CHINA / Regional

New hotline offers help to gays
By Liang Qiwen in Guangzhou and Xiao Jiang in Shanghai (China Daily)
Updated: 2006-05-11 06:28

GUANGZHOU: The first national free hotline offering advice to gay people on a range of subjects has been launched.

Shanghai and Guangzhou launched a homosexual hotline (800-988-1929) providing services including psychological, legal and HIV consultation, the Information Times reported.
Shanghai and Guangzhou launched a homosexual hotline (800-988-1929) providing services including psychological, legal and HIV consultation, the Information Times reported.

Volunteers in Guangzhou and Shanghai have joined forces for the initiative, which will provide advice on psychological problems, legal issues and HIV/AIDS.

Hong Kong-based Chi Heng Foundation, which is sponsoring the service, has previously operated a localized hotline in Shanghai, to provide psychological and legal help, and another hotline in Guangzhou to support people with HIV/AIDS.

The new nationwide hotline, 800-988-1929, is manned for several hours every day by volunteers in the two cities. It was launched on Monday.

The hotline has been set up because the previous localized services were overloaded with calls from people all over the mainland and even overseas, who were charged long-distance rates.

"On the mainland, being homosexual is still very hard," Hu Zhijun, a worker at the foundation, told China Daily yesterday.

"Under pressure from families and society, most homosexual people dare not reveal their sexual orientation and have to get married to someone of the opposite sex."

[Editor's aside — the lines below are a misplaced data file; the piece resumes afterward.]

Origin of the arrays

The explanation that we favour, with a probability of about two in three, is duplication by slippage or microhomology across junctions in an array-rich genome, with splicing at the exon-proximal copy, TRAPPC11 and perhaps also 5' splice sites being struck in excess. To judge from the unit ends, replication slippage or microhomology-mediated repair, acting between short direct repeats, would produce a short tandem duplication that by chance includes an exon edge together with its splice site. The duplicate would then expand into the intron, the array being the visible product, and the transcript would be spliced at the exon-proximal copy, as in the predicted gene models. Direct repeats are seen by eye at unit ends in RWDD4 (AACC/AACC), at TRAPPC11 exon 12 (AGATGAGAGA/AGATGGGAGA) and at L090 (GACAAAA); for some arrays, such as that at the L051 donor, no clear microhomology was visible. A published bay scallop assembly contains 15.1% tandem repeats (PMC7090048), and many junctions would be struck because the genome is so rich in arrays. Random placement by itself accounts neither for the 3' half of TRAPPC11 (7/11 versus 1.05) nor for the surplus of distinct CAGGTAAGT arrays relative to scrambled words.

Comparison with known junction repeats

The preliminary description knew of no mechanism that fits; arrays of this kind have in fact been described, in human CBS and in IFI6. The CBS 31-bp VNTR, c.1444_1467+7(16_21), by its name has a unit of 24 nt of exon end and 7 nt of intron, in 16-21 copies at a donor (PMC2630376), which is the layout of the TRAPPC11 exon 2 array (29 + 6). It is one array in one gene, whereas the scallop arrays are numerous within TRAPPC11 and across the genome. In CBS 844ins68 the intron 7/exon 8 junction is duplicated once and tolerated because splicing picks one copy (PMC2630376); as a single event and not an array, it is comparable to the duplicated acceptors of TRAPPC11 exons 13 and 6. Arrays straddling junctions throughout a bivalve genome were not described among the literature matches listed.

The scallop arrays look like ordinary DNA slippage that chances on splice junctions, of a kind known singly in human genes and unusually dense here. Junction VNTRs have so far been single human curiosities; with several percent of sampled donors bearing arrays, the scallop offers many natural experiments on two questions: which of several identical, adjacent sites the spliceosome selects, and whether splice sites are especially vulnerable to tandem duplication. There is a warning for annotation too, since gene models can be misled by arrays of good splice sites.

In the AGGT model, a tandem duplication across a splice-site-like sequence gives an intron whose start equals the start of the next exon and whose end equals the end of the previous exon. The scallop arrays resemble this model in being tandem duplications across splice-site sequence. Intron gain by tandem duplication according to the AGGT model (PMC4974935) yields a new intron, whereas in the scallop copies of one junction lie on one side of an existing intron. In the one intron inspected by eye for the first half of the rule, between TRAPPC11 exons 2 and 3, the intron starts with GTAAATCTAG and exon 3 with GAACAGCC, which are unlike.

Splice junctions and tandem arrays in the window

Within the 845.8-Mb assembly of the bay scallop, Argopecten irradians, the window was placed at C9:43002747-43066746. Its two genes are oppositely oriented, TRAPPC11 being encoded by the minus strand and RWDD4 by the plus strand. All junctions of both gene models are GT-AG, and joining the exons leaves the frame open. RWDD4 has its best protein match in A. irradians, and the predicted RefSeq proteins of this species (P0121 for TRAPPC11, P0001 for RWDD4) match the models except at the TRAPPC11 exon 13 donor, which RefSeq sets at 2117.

Many gay people need not only emotional support, but also advice on their specific rights, Hu added.

The hotline has 13 volunteers, who are all gay, working as consultants.

Three consultants in Shanghai started on Monday, followed by the remaining 10 in Guangzhou yesterday.

They all have full-time jobs, and work for the hotline in their spare time for no payment.

Most of the volunteers have bachelor or master's degrees in medicine, psychology, law or sociology. They have all been given specific training for their roles.

"I expect more qualified people to join our hotline as consultants when it becomes more well-known," said director Xiao Dong.

"Most of the calls we have had so far are from people who complain of social stigma and ignorance, or from those who don't understand homosexual," Hu said.

The hotline is manned from 7-9 pm during the week, and then from 4-9 pm on Saturday and 3-6 pm on Sunday.

An answering phone is left on at all other times.

The number of homosexual people on the mainland is about 48 million, according to a recent survey by Li Yinhe, a pioneering sociologist on sexual issues.

Li proposed to the National Committee of the Chinese People's Political Consultative Conference earlier this year that homosexual marriage be legalized. Although the proposal was turned down, it attracted attention across the country.

"There are not enough services for gay people in Chinese mainland, especially after the only gay consultation hotline in Shanghai closed last year. That is why we launched this hotline," said Rager Shen, an officer of Chi Heng Foundation, who is in charge of the Shanghai branch.

Shen said volunteers were carefully selected.

"The priority for a volunteer is that they should be gay, no matter whether male or female," said Shen.

"They can better understand the callers' feelings; callers also prefer to speak to people who have a similar sexual background."

Organizers said strict measures would be taken to protect the privacy and identity of callers.


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